The Kentucky Economic Development Finance Authority gave preliminary approval for tax incentives Thursday for companies including NACCO Materials Handling Group of Madison County. The approval outlines the state's commitment to a project should it occur in Kentucky.
The company proposes investing in a new counterweight paint system to improve safety and productivity. NACCO said the investment would preserve jobs and contribute to continued growth. The company plans to spend $4.1 million and would receive tax incentives of $2 million.
Other regional companies receiving preliminary approval for incentives include:
Vuteq USA of Georgetown, which assembles automotive window frames, glass and car accessories. The company is considering expanding its plant in Georgetown. It would spend $5.5 million, with tax incentives of $100,000.
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Alliance Coal of Lexington, which provides administrative services for its parent company, Alliance Resource Partners. The company is expanding its office space. It will spend $8.3 million and will be eligible for $400,000 in tax incentives.
OrionRX Kentucky LLC is considering establishing a central-fill pharmacy in Louisville. It plans to spend $2.9 million and is eligible for $320,000 in tax incentives.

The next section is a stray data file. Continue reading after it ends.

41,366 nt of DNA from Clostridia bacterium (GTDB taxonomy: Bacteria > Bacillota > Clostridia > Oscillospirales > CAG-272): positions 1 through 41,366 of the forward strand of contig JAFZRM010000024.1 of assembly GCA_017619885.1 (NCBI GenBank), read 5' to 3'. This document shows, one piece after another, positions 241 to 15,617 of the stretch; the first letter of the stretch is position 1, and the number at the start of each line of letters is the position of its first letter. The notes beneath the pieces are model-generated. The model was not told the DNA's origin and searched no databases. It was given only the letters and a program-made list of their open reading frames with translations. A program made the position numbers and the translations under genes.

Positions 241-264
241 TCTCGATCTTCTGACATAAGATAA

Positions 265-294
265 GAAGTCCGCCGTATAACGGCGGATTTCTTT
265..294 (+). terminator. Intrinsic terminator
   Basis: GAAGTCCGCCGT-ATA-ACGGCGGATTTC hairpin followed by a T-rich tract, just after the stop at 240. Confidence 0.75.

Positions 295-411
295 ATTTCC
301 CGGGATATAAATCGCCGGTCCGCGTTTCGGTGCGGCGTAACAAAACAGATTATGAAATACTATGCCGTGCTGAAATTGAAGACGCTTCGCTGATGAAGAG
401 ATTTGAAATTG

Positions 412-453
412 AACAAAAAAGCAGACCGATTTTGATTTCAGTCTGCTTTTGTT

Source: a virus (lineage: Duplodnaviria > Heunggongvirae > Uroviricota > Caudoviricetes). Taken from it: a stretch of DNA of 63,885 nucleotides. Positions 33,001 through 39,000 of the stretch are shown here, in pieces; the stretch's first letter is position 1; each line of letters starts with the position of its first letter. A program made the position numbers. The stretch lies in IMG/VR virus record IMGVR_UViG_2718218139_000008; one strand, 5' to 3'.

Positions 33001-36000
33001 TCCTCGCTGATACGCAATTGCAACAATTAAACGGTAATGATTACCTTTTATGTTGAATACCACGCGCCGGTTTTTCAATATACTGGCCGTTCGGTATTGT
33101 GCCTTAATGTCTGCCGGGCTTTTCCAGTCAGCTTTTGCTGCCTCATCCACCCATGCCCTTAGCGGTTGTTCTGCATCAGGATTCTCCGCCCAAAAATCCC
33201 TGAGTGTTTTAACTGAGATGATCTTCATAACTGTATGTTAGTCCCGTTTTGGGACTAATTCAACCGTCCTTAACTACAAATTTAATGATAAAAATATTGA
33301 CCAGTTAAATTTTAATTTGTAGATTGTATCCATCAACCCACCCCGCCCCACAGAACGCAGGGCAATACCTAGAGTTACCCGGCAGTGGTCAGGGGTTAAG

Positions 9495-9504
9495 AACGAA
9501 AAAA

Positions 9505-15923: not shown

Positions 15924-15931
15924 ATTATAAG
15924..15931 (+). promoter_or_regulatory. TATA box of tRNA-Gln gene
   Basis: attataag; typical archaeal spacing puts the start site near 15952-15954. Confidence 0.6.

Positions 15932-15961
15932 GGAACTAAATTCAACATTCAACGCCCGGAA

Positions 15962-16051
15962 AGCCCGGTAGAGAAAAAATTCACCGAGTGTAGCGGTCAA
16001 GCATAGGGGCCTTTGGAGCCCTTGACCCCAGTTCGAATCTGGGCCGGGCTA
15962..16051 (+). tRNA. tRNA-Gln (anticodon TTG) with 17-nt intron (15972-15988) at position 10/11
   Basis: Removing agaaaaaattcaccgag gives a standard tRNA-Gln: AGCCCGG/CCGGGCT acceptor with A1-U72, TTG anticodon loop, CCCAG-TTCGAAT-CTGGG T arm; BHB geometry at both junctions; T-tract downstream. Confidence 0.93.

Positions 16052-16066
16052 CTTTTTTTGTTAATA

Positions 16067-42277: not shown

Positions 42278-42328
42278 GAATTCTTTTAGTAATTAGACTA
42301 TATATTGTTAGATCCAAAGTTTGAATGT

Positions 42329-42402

Stantec Consulting Services of Lexington plans to consolidate two of its three offices in Kentucky into one headquarters. The company would spend $2.5 million and be eligible for $450,000 in tax incentives.
Dr. Schneider Automotive Systems Inc. of Russell Springs, which produces vent and trim systems for cars, wants to establish its first wholly owned U.S. subsidiary to manufacture parts for companies including Ford, BMW and Mercedes. It will spend $29.4 million and is eligible for tax incentives of $4 million.
Vogelsang Corp. of Mount Sterling plans to consolidate its U.S. chassis production in a new plant, also in Mount Sterling. The company plans to spend $2.5 million and is eligible for tax incentives of $500,000.
Quest Industries of Elizabethtown, a bottle decorator for high-end alcohol, beverage and personal-care industries, has a customer base in Kentucky and plans to be near the bourbon industry for a new project that will include buying a building and adding equipment. The company plans to spend $4.8 million with incentives of $900,000.
In general, when a company accepts the tax incentive, it can keep that amount of money, which it would otherwise pay in taxes, assuming it fulfills the terms of the deal.